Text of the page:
Tips for a More Regulated Thanksgiving Break!

Nov 7, 2023

by Ashley Bennett, Director of Trauma-Informed Care

‘Tis the season for gratitude, gift buying, turkey, and football! We’re entering the exciting holiday season but for many of us, we are doing it with a new kid in the mix! And not just any kid but one who brings with him into this holiday season his own experiences of grief and loss this year and his own unique needs. As we prepare for the routine change of Thanksgiving break, here’s a few things to keep in mind as foster & adoptive parents:

1. Make Space for Grief

In a season focused on gratitude and family togetherness, we can easily forget the reality that this time of year might find our children or us in a season of grieving. Let’s never overlook the fact that our new kiddo has gone through a lot this year and being separated from birth family members and experiencing this holiday season in our homes can bring about feelings of loss and grief or confusion. Some children express this grief inwardly and can come off reserved, withdrawn, quiet, or weepy. For others, expressions of grief can be outward focused and look like challenging behaviors such as control battles, aggression, and anger. It’s important to remember to see beyond the behaviors to the real hurt that lies below the surface.

Simply meeting our child where they are and bearing witness to their hurt is all we can do sometimes. There are not always quick fixes or solutions to what our children are going through. But it’s not just our new child that might be grieving the changes of this past year. Our family looks different than it did a year ago and with that change comes our own experiences of loss. Reminding ourselves of the ways in which we express our own feelings of grief and looking for it this season can help us to not be caught as much off guard when it shows up.

Bringing our lament to God or sharing our feelings with a safe person can help us process what we are experiencing as well. All we ever really want is to know we aren’t alone in our suffering and there are new mercies available to us when we reflect and bring them to our God who has been with us all year and sees both our family and our new kid.

2. Provide Predictability

With the changes that come with Thanksgiving break, it can be helpful to explain to your kids what the week will look like. Predictability disarms fear and anxieties and there are many ways to help provide that for your children. Verbally talk through any expected changes to their daily routines. Make a Thanksgiving break countdown. Create a written or visual schedule for holiday plans or those days off at home together. Overcommunicate about outings and gatherings: who will be there, what will we do, how long will we stay, what will we do when it’s over?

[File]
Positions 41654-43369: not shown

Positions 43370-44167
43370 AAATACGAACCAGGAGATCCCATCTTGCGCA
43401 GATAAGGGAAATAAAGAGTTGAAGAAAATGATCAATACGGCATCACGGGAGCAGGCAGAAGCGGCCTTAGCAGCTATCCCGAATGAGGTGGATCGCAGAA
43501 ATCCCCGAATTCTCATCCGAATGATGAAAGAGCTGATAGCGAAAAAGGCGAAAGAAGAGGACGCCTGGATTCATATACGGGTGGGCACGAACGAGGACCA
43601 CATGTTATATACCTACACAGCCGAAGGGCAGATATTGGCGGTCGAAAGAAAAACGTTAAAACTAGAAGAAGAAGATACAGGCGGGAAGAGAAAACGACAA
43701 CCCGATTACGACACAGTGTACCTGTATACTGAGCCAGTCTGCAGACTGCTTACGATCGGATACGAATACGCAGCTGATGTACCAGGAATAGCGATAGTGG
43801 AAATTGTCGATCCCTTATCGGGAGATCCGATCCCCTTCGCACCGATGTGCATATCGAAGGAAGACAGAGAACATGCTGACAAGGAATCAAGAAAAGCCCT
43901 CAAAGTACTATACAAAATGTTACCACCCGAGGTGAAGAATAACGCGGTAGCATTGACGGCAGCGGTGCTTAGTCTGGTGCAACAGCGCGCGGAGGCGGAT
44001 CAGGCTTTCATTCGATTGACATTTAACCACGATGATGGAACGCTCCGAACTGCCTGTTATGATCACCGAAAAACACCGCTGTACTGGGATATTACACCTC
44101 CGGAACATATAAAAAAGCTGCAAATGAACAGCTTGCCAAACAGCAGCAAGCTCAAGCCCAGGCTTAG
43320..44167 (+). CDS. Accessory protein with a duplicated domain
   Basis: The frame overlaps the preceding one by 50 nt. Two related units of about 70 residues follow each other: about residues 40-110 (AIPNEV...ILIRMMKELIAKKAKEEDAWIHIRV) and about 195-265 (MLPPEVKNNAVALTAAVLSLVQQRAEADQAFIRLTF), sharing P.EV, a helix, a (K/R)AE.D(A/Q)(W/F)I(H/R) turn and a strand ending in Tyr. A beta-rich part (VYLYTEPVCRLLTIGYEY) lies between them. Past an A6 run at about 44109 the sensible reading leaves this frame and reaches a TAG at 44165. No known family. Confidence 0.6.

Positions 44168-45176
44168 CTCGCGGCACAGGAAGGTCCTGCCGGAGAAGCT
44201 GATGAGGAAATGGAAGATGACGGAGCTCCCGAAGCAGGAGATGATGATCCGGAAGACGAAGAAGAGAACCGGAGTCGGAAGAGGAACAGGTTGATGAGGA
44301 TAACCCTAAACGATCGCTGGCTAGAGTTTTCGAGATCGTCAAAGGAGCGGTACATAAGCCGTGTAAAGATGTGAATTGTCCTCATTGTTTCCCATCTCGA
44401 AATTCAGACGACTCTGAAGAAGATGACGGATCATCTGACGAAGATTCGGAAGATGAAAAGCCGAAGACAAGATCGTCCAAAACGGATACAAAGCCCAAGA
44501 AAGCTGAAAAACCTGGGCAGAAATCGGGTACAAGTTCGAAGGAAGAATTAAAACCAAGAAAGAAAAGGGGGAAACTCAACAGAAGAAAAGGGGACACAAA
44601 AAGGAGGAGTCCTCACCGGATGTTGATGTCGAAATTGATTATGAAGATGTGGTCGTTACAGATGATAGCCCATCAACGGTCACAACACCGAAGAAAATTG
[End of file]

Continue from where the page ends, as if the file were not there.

3. Have a Plan for Those Days Off School

For many of our kids (and actually us too!), a structured daily routine keeps us more regulated. Before Thanksgiving break begins, look at your schedule for the week and make some plans. Does your school or daycare offer childcare which might keep your child on a similar schedule? Can you invite a relative or friend to step in and fill some of the days? Is your respite family available to break up the holidays with an afternoon with your kiddos? What kind of more structured plan do you need to have for those days just at home together?

4. Be Mindful of Overstimulation

Holidays can be full of activities, outings, and large extended family gatherings and these can often be a bit much for our kids with sensitive nervous systems. If you are parenting a child with capital letter diagnosis (ADHD, ASD, SPD, etc.) or a child whose nervous system is still in protection mode, some of your traditional holiday plans might be a bit too much. So, ask yourself, what do we need to change this year in light of our new family? What

do we need to say “no” to for this year, what responsibilities do we need to give to another family member, what regulation strategies do we need to have in place for that large family gathering (weighted items, bag of fidgets, noise cancelling headphones, bubble gum, exit strategies, etc.)? What activities can we do successfully all together as a family and what might need to happen in smaller groups, one on one, or for just the parents? Give yourself permission to remove the shame and guilt and the “should” and do what you need to enjoy your week and keep everyone regulated.

5. Handle Food Issues with Sensitivity

Thanksgiving possibly might bring some new food tastes and textures to your child or some insecurities about where and when you’ll be eating. For most of us, we can go with the flow and enjoy change when it comes to food but for a child with food insecurities, not so much. The different eating times, locations, foods, and plans make their brain and body go into an alert protective state. You can help prevent this by talking to your child about food plans, giving them choices, allowing them to pack a “safe” snack or meal option to take with them, letting them eat something before the gathering so their stomachs are full and their brains regulated, and involving them in the food prep or cooking. All of these ideas can calm their nervous system and increase the chances of a more regulated holiday gathering!

Need more help navigating the holiday season? Restore Network families don’t forget you can access our free online training module, “Navigating the Holidays and Other Celebrations” at any time. Just email your Director for access.  


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